As this green infrastructure helps reduce the amount of stormwater runoff from heavy rainfall, the result is less water pollution in urban areas, less erosion and flooding in urban streams and less damage to habitat, property, and infrastructure. Besides, this restores several natural processes. That, in turn, delivers numerous other benefits: lower carbon emissions, mitigation of urban heat island effects and additional wildlife habitat and recreational space.

Nature-based solutions for water management help reduce the amount of stormwater runoff from heavy rainfall.

Constructed wetlands provide another example of a nature-based solution that makes use of the natural purification processes of vegetation, soils and microorganisms for water treatment and pollution abatement. Constructed wetlands are a purification technology that improves access to safe water for all and which comes with relatively low operation and maintenance expenses. Also, green spaces created by constructed wetlands produce habitats for wildlife and improve recreational value.

Dealing with multiple challenges simultaneously

As these examples show, nature-based solutions do not rely on human-made facilities such as concrete seawalls, reservoirs, sewers or water treatment works. This so-called grey infrastructure is typically designed to serve one specific purpose only. From a sustainability point of view, there are two issues with using grey infrastructure for managing climate risks: grey solutions rely on the use of finite resources, and they have a limited lifetime.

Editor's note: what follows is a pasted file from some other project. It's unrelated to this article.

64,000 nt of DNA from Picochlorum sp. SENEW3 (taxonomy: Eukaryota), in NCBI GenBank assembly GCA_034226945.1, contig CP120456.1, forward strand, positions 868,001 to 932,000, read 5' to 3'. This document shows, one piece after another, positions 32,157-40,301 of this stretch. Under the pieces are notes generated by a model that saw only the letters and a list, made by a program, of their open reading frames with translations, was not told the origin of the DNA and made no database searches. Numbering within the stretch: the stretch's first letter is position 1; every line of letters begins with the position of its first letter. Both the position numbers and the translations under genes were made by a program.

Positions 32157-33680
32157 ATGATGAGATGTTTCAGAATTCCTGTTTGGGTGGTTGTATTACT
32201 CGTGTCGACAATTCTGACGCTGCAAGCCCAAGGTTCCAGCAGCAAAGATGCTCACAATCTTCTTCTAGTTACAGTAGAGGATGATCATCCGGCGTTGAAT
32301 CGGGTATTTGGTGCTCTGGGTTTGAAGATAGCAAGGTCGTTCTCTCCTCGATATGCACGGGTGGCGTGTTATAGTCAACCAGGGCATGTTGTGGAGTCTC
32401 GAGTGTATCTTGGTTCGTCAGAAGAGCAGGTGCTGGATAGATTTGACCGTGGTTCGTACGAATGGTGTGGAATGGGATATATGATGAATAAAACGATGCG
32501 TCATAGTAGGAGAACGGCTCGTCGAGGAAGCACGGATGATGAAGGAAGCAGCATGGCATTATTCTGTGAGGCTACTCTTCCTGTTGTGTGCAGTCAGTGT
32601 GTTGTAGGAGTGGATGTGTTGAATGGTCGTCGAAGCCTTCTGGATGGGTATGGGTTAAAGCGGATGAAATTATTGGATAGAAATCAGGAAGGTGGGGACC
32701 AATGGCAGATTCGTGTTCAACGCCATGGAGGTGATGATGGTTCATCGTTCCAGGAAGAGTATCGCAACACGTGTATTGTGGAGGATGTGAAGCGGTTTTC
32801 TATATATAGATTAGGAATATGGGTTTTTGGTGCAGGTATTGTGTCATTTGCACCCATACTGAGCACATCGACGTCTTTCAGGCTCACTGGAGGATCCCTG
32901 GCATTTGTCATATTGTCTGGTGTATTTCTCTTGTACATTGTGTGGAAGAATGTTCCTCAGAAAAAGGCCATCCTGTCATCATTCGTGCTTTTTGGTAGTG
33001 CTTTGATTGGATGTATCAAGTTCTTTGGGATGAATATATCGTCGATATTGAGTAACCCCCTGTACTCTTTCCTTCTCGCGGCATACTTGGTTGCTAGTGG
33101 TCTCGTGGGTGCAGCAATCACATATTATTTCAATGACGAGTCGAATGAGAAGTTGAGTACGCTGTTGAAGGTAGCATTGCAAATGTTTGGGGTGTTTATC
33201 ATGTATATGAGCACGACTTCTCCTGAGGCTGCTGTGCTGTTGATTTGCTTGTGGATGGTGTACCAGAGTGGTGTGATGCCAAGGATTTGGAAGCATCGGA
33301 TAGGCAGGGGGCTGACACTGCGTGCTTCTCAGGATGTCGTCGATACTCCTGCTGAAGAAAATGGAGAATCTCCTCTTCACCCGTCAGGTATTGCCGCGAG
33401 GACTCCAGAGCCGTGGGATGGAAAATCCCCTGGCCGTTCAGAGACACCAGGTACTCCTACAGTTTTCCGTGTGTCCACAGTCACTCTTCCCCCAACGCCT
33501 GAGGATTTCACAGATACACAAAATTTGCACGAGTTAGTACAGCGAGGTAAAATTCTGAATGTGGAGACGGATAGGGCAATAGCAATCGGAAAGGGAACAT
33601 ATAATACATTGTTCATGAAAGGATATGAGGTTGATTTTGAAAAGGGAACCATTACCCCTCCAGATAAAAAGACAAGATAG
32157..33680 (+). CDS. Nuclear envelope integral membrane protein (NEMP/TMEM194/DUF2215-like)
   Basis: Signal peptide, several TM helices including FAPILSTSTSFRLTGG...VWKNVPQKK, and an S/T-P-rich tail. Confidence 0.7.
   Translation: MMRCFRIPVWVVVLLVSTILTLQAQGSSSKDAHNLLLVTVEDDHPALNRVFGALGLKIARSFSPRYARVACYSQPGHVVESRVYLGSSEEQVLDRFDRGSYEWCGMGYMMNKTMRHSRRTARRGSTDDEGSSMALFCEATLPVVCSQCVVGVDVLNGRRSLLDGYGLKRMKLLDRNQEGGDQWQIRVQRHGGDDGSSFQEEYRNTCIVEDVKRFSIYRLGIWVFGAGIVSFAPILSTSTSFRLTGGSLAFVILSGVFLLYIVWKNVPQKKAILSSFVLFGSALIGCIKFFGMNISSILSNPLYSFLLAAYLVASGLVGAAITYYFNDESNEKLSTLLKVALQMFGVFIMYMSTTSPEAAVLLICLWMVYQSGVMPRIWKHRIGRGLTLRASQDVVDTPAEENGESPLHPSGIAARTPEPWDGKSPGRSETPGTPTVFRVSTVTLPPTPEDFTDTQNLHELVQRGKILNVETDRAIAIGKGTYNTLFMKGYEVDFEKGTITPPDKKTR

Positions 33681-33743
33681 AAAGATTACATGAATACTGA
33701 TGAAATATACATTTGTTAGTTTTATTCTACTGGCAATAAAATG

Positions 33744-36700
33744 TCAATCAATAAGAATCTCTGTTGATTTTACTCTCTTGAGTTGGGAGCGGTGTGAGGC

Nature-based solutions, on the other hand, are multifunctional and have a clear potential to deal with multiple sustainable development challenges simultaneously. They have higher resilience to climate change compared to grey infrastructure, and this increased resilience comes at reduced investment, maintenance and operational costs.

Increasing attention is being given to nature-based solutions as coastal protection schemes

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Check the author's bio

Dietrich Van der Weken

Dietrich Van der Weken

G-STIC

General Manager

Since January 2017, Dietrich Van der Weken is the General Manager of the G-STIC conferences series initiated by VITO, the prime research and technology organization in Belgium. Dietrich joined VITO in July 2009, focusing on cleantech innovation. Until December 2016, Dietrich was the Program Manager of MIP, the Environmental and Energy Technology Innovation Platform, a subsidy program that focuses on accelerating the transition to the sustainable management of energy, materials, and water. Dietrich holds a Ph.D. in Mathematics, obtained at Ghent University, Belgium.

Check the author's bio

Dietrich Van der Weken

Dietrich Van der Weken

G-STIC

General Manager

Since January 2017, Dietrich Van der Weken is the General Manager of the G-STIC conferences series initiated by VITO, the prime research and technology organization in Belgium. Dietrich joined VITO in July 2009, focusing on cleantech innovation. Until December 2016, Dietrich was the Program Manager of MIP, the Environmental and Energy Technology Innovation Platform, a subsidy program that focuses on accelerating the transition to the sustainable management of energy, materials, and water. Dietrich holds a Ph.D. in Mathematics, obtained at Ghent University, Belgium.